Hurricanes or cyclones or typhoons, whatever you may call them are known to cause humongous devastation in terms of lives and properties in the areas they strike. It is often said the best defense against a hurricane is an accurate forecast that gives people time to get out of its way.
Even though hurricane forecasts have improved in accuracy by about 50% since 1990, but this is next to nothing when we look at the accuracy of the intensity forecasts.
Now, NASA is set to launch a fleet of next-generation microsatellites to help researchers understand how deadly hurricanes develop and discover innovative new approaches for studying our changing planet. The pack of eight microsatellites will be launched on December 2 from Cape Canaveral Air Force Station in Florida.
NASA small satellites to track hurricanes
The mission, known as Cyclone Global Navigation Satellite System (CYGNSS), will measure details crucial to accurately understand the formation and intensity of tropical cyclones and hurricanes.
The CYGNSS mission uses the same GPS technology that the navigation system of a car uses. Each satellite will take information based on the signals from four GPS satellites to take a novel approach for measuring wind speeds over the Earth’s oceans. It will use GPS signals bounced off of ocean surfaces to measure the height of waves to help measure wind speeds. Researchers hope that the collection of data will eventually help meteorologists in predicting hurricanes.
The CYGNSS mission is expected to lead to more accurate weather forecasts of wind speeds and storm surges — the walls of water that do the most damage when hurricanes make landfall. Each satellite is capable of capturing four wind measurements per second, adding as much as 32 wind measurements per second for the entire constellation.
The eight satellites will be deployed separately around the planet and will thus increase the area on Earth to be measured. Successive satellites will be passing over the same region every 12 minutes. As the CYGNSS and GPS constellations move around the earth, the interaction of the two systems will result in a new image of wind speed over the entire tropics every few hours, compared to every few days for a single satellite.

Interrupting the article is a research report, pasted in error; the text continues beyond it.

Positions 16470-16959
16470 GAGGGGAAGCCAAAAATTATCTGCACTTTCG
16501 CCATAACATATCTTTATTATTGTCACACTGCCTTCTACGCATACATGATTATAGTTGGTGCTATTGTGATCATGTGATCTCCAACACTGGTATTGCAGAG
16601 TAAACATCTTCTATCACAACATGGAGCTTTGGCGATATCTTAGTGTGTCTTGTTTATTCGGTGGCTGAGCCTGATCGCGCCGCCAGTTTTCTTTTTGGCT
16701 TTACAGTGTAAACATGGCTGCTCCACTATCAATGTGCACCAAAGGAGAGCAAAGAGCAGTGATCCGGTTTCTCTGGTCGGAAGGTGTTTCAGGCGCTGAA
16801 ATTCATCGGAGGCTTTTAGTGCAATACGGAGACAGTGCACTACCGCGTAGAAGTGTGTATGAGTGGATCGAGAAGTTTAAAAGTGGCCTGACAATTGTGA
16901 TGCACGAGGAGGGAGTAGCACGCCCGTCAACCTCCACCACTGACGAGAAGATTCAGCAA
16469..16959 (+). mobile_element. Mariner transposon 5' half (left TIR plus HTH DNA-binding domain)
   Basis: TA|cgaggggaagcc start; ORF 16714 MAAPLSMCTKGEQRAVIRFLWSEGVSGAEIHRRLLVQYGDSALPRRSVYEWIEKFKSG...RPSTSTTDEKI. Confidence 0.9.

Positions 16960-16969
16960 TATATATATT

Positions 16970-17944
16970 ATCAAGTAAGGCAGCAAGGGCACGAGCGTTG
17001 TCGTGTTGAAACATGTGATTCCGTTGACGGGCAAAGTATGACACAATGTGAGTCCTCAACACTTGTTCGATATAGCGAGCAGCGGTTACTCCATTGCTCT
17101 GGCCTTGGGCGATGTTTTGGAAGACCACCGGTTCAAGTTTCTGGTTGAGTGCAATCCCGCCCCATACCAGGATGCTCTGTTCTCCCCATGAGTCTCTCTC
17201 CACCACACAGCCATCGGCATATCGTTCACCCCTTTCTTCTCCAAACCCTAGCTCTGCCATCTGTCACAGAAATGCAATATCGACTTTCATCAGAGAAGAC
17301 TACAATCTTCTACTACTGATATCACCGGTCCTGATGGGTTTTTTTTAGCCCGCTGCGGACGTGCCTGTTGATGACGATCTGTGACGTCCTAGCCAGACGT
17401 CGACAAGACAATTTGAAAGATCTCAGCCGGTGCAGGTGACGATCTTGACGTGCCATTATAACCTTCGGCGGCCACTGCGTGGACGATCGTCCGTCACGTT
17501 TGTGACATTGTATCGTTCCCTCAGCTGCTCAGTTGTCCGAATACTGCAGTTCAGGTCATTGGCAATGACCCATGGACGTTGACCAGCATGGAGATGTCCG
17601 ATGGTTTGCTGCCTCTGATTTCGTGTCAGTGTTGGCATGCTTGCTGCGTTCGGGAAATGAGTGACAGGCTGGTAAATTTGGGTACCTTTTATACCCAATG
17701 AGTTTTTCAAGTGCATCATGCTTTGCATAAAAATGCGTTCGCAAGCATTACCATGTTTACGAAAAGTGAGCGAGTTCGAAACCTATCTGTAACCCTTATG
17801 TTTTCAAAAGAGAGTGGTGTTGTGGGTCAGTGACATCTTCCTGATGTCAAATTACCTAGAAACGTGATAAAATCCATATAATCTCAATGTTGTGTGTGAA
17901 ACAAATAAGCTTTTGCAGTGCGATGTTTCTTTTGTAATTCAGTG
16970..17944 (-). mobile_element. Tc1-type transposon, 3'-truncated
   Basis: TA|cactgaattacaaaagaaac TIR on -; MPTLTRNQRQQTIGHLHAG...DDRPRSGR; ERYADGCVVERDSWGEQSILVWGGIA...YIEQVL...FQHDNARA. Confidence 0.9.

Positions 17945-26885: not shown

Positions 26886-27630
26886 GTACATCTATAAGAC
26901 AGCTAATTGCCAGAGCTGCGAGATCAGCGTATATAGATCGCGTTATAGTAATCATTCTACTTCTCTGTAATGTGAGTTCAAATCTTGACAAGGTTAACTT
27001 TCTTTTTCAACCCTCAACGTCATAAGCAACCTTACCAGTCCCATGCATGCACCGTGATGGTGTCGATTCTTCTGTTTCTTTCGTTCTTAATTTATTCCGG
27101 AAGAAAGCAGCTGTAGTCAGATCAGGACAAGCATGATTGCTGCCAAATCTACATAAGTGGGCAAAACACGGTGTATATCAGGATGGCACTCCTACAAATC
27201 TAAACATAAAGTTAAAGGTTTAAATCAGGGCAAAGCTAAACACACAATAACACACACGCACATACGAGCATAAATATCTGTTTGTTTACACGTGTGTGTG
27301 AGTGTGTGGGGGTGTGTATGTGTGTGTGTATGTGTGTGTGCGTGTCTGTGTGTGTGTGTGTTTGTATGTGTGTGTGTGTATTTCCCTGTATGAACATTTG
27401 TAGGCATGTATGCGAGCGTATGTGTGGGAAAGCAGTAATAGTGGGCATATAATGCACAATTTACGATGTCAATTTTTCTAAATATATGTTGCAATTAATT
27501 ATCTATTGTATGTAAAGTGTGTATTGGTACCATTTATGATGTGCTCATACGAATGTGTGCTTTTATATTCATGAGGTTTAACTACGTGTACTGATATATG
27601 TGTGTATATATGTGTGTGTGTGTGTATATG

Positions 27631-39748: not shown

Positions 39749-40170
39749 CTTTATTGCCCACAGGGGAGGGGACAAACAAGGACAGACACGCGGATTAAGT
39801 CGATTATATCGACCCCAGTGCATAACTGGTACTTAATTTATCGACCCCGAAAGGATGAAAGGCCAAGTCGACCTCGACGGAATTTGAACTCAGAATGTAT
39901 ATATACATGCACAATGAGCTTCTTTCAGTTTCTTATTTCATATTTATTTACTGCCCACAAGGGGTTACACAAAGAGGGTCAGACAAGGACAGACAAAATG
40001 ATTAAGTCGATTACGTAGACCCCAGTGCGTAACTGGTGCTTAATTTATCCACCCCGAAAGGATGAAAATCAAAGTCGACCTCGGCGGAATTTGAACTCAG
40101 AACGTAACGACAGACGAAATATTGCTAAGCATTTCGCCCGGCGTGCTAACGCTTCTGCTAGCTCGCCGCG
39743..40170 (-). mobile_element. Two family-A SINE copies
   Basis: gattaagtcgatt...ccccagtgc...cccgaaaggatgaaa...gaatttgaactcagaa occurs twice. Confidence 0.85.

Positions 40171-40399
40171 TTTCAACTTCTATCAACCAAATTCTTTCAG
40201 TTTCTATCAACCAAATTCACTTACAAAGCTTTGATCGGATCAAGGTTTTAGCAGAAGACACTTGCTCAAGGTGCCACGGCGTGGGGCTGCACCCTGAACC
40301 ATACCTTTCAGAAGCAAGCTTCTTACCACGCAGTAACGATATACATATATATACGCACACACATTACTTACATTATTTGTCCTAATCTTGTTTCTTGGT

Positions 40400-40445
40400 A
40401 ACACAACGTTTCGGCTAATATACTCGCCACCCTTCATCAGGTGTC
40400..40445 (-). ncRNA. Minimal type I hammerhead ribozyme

The CYGNSS mission has another advantage – its orbit passes over only the tropical region, where hurricanes are mostly occur. Traditional weather satellites have polar orbits and they measure the whole globe. The focus on tropical activity means the CYGNSS instruments will be able to gather that much more useful data on weather systems exclusively found in the tropics.
How does it work?
Existing weather satellites can measure the wind outside of the storm cell with present systems but they can’t gauge what is happening. This gap in our knowledge will be filled by the CYGNSS data, a statement from Chris Ruf, Principal Investigator for the CYGNSS mission and Professor at the University of Michigan’s department of climate and space sciences and engineering, said.
CYGNSS can penetrate the heavy rain of a hurricane’s eyewall to gather data about a storm’s intense inner core, which existing operational weather satellites cannot. The eyewall is the thick ring of thunderstorm clouds and rain that surrounds the calm eye of a hurricane. The intense rain in the eyewalls blocks the view of the inner core by conventional satellites, thus preventing scientists from gathering much information about a developing hurricane.
“This is a first-of-its-kind mission,” Thomas Zurbuchen, associate administrator for NASA’s Science Mission Directorate at the agency’s headquarters in Washington, said in a statement. “As a constellation of eight spacecraft, CYGNSS will do what a single craft can’t in terms of measuring surface wind speeds inside hurricanes and tropical cyclones at high time-resolution, to improve our ability to understand and predict how these deadly storms develop.”
WATCH HOW CYGNSS WILL WORK
First of many
CYGNSS is the first of the complete orbital mission competitively selected by NASA’s Earth Venture program. Earth Venture focuses on low-cost, rapidly developed, science-driven missions to enhance our understanding of the current state of Earth and its complex, dynamic system and enable continual improvement in the prediction of future changes.
The Space Physics Research Laboratory at the University of Michigan College of Engineering in Ann Arbor leads overall mission execution in partnership with the Southwest Research Institute in San Antonio, Texas, and its Climate and Space Sciences and Engineering department leads the science investigation. The Earth Science Division of NASA’s Science Mission Directorate oversees the mission.